@Jane Weir Don't give up, like the article says it is often about how your project fits in with funders priorities. try again - don't give up!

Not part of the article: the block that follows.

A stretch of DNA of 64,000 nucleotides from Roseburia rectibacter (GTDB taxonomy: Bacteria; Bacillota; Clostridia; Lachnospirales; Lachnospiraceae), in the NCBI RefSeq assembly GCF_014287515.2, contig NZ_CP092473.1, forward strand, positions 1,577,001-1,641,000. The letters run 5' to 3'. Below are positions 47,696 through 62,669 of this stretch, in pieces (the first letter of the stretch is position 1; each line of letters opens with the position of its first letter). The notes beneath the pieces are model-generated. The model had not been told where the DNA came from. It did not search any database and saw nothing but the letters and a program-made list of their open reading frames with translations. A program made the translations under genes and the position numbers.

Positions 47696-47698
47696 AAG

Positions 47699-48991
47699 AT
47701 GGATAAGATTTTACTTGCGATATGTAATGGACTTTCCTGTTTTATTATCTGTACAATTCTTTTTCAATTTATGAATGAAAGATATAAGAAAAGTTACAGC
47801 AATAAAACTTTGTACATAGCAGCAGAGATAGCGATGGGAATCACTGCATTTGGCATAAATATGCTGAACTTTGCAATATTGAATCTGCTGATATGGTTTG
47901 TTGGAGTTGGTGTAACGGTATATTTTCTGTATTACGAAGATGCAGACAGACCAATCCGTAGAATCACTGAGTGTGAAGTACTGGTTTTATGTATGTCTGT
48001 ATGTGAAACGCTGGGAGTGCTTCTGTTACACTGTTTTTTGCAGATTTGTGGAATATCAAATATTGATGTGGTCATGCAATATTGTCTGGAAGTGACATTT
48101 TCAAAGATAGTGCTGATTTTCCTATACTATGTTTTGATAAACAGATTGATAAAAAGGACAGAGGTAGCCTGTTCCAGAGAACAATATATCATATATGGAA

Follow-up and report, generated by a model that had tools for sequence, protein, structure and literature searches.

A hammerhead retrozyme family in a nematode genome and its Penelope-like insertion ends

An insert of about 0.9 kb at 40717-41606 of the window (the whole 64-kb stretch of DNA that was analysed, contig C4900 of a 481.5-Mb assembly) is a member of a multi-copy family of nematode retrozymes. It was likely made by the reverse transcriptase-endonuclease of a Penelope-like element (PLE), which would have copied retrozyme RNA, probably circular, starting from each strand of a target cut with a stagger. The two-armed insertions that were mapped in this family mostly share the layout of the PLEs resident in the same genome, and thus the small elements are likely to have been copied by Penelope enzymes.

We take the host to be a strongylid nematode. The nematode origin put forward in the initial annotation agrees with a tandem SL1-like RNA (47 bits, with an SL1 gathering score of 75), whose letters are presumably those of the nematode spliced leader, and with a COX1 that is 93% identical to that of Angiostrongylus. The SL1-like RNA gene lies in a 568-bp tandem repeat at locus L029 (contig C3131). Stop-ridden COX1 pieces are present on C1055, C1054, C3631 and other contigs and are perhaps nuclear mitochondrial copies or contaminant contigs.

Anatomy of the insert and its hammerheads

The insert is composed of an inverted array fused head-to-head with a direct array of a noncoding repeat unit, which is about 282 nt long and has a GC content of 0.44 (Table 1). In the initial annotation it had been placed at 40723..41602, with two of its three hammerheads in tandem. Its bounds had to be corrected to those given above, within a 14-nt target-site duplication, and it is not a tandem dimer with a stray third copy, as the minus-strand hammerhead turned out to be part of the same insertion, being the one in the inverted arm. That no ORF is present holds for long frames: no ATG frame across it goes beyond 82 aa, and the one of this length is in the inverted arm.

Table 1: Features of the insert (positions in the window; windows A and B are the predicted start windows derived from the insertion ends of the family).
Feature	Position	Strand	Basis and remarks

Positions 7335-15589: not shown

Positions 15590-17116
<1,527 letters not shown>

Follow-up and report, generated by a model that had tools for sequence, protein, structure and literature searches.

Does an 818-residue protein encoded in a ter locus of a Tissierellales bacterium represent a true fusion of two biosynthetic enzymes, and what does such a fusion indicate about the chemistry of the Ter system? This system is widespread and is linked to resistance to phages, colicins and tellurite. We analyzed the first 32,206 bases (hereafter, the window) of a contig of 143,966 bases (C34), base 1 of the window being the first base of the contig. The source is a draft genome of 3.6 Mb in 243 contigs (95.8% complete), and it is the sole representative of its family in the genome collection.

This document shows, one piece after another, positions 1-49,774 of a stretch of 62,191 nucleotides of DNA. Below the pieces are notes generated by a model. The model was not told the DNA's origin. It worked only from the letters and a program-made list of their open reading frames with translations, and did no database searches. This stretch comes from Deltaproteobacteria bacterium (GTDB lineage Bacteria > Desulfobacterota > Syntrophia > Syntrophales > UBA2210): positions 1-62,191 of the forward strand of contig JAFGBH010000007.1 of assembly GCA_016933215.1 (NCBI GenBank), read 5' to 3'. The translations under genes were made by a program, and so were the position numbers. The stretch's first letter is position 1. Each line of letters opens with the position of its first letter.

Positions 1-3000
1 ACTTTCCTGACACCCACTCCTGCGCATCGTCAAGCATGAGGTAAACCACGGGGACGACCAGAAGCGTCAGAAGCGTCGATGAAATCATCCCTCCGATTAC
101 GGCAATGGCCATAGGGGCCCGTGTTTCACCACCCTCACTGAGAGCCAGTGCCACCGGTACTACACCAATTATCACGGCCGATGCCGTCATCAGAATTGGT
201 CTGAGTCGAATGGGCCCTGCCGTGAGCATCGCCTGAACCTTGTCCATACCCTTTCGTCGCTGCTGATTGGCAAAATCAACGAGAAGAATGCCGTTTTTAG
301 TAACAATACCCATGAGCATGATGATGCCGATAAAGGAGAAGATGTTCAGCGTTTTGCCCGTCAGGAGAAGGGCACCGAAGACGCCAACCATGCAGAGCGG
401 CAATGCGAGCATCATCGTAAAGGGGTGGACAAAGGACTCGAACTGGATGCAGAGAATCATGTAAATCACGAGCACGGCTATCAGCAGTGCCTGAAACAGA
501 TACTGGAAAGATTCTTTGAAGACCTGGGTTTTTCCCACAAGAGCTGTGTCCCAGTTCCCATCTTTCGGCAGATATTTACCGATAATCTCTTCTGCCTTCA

Re Annika Coughlin's comment: In other words, it could have something to do with politics - sexual politics, minorities lacking power, or other groups gaining power and having their priorities listened to. I gather this scenario (of embarrassment) doesn't apply to work-related returns-to-education which would be funded or hold the promise of a good return for money spent, so at the end of the day, if it is a student continuing on to a PhD program in this era of increased competition in the workplace for decent jobs, and all they have is their academic credentials, it is going to be the ones who have personal financial backing of their own, from friends and family, who hold the advantage. Of course it's going to be embarrassing or even humiliating for students who have worked hard to pave the way to do the PhD, only to see people go on whereas they could not.